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Research, Reference and Historical Study Books, maps, orders-of-battle and other references. .

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  #16  
Old 03 Aug 14, 11:51
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Quote:
Originally Posted by Andy H View Post
Hi Phebe

Are you satisfied because it answers all your questions? or are you satisfied because it supports or reinforces you viewpoint?

Regards
Hi, Andy -- Another good question(s).

I am not particularly prejudiced against information bias: there has to be SOME reason to choose a narrative among so many competing narratives that historical writers offer, and one's own biases may sometimes be as good as any. The War of 1812, for instance: I don't study it, so far, but I am not open to silly British ideas about how they really won, somehow, despite how unlikely that looks. Perhaps if I do study it systematically, I will conclude they won (....in a pig's eye....), but at this time, I am satisfied to rest on my biases.

Biases are usually not good enough if I'm seriously studying an era, however, and I like your mention of questions. Don't a lot of us go into historical study to answer a burning question? What HAPPENED that the whole French Revolution was so twisted out of true, twice? What caused World War I to blow up out of nowhere? It can be a quite limited question, even, but still burn. Why, oh why, did Henry VIII decide to arrest Cardinal Wolsey the very eve of his entry into his archbishopric in York in November 1530?? They'd gotten rid of him! He'd be stuck in York! What was the problem? I once read a 2 3/4-inch book trying to find that out, and I measured the width in frustration at the large center part detailing Wolsey's decades of dry legal decisions and maneuvers. At long last the book DID give some speculations on this matter (there is not much source material on it because it was hushed up after Wolsey died en route by mule back to London, presumably of stroke -- he was very overweight and extremely upset and they were carefully watching him against attempted suicide) and I find I am satisfied with those speculations.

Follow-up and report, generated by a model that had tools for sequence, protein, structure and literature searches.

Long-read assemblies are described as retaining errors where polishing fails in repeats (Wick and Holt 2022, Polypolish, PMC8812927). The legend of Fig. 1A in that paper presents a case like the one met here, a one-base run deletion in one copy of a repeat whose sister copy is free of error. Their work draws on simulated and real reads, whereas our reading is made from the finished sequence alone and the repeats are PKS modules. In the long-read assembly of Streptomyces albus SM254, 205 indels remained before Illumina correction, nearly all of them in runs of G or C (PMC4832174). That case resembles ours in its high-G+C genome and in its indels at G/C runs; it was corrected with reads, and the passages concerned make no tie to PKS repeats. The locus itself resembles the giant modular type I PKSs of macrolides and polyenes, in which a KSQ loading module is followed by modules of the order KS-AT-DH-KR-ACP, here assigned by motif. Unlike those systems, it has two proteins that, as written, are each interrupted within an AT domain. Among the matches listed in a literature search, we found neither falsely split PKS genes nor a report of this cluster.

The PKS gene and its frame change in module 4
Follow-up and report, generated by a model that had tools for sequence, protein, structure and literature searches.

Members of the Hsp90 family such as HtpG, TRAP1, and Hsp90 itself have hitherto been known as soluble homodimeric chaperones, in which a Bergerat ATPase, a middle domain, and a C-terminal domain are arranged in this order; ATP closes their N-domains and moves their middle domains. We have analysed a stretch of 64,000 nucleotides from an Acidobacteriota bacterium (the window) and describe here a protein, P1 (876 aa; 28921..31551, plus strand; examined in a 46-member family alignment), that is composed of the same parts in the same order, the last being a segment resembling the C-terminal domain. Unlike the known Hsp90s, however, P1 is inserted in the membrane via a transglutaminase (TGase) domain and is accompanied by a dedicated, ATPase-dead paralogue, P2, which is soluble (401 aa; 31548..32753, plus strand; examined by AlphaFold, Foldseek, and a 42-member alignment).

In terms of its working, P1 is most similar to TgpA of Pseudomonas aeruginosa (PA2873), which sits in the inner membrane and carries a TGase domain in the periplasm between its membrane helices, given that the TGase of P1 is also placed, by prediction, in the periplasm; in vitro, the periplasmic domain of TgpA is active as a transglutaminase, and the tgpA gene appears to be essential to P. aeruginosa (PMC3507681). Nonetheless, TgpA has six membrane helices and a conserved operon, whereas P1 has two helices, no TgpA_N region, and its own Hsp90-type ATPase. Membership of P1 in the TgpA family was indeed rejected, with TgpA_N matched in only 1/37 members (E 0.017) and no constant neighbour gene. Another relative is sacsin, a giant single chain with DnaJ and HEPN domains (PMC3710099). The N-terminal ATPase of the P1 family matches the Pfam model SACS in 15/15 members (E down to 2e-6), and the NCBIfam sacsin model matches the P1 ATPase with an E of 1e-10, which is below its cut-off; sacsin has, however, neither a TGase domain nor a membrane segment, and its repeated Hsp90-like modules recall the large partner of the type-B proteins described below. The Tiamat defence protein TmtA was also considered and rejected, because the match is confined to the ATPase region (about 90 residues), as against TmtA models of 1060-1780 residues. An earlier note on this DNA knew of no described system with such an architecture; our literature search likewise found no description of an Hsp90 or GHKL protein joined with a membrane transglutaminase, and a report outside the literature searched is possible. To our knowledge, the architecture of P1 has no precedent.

I was thinking about this issue yesterday -- I don't like revisionism whether it's to sell books by novelty or to promote the author's agenda. Neither are history. Here's a case: When Robespierre went to the guillotine, his jaw was badly broken by gunshot, to the point that it gaped open several inches to hang on his chest, and someone had bound it up for him with one of those long neckcloths they wore. Such cloths (neck or otherwise) were stripped off by the executioner so they didn't interfere with the blade, and the executioner did this. Robespierre let out a terrible, loud howl: everyone agrees on this.

But Jacob Isaacs, the author of the otherwise excellent "Revolutionary Ideas," which I much recommend as a good and thorough survey of the Revolution, is pleased to say that he "howled in fury."

Okay, nooooooobody else says that, and I've seen several accounts of this scene. It doesn't even make sense: Robespierre was terribly injured and could hardly move; he was essentially moribund, by eyewitness accounts. Everyone else says that he howled in pain, and who wouldn't? He may have howled in fear, too: they left him till late in the series.

Isaacs says he howled in fury, suggesting that Robespierre was expressing frustration at not being able to continue his murderous course of killing thousands and thousands of people. Isaacs despises Robespierre, a totalitarian tyrant, and he makes an excellent case that Robespierre was despicable, but to pretend to get inside his head in the last minute of his life and report a state of mind different from what anyone else proposes and not very plausible from the physical realities of the situation --- that's getting too symbolic and poetic. That's not history. That's propaganda.

So it's fine with me if historians differ from the mainstream: but they need to make a good case for taking a road less traveled by. If they don't, I don't believe them. I'll go with the mainstream (which may be totally wrong, I know!!) unless somebody gives me a good reason to change course.
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  #17  
Old 04 Aug 14, 10:32
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Well yes, but -

Any normal human being operates on the assumption that they know what they are doing while the rest of the world is somewhat suspect.

Cognitive Bias
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  #18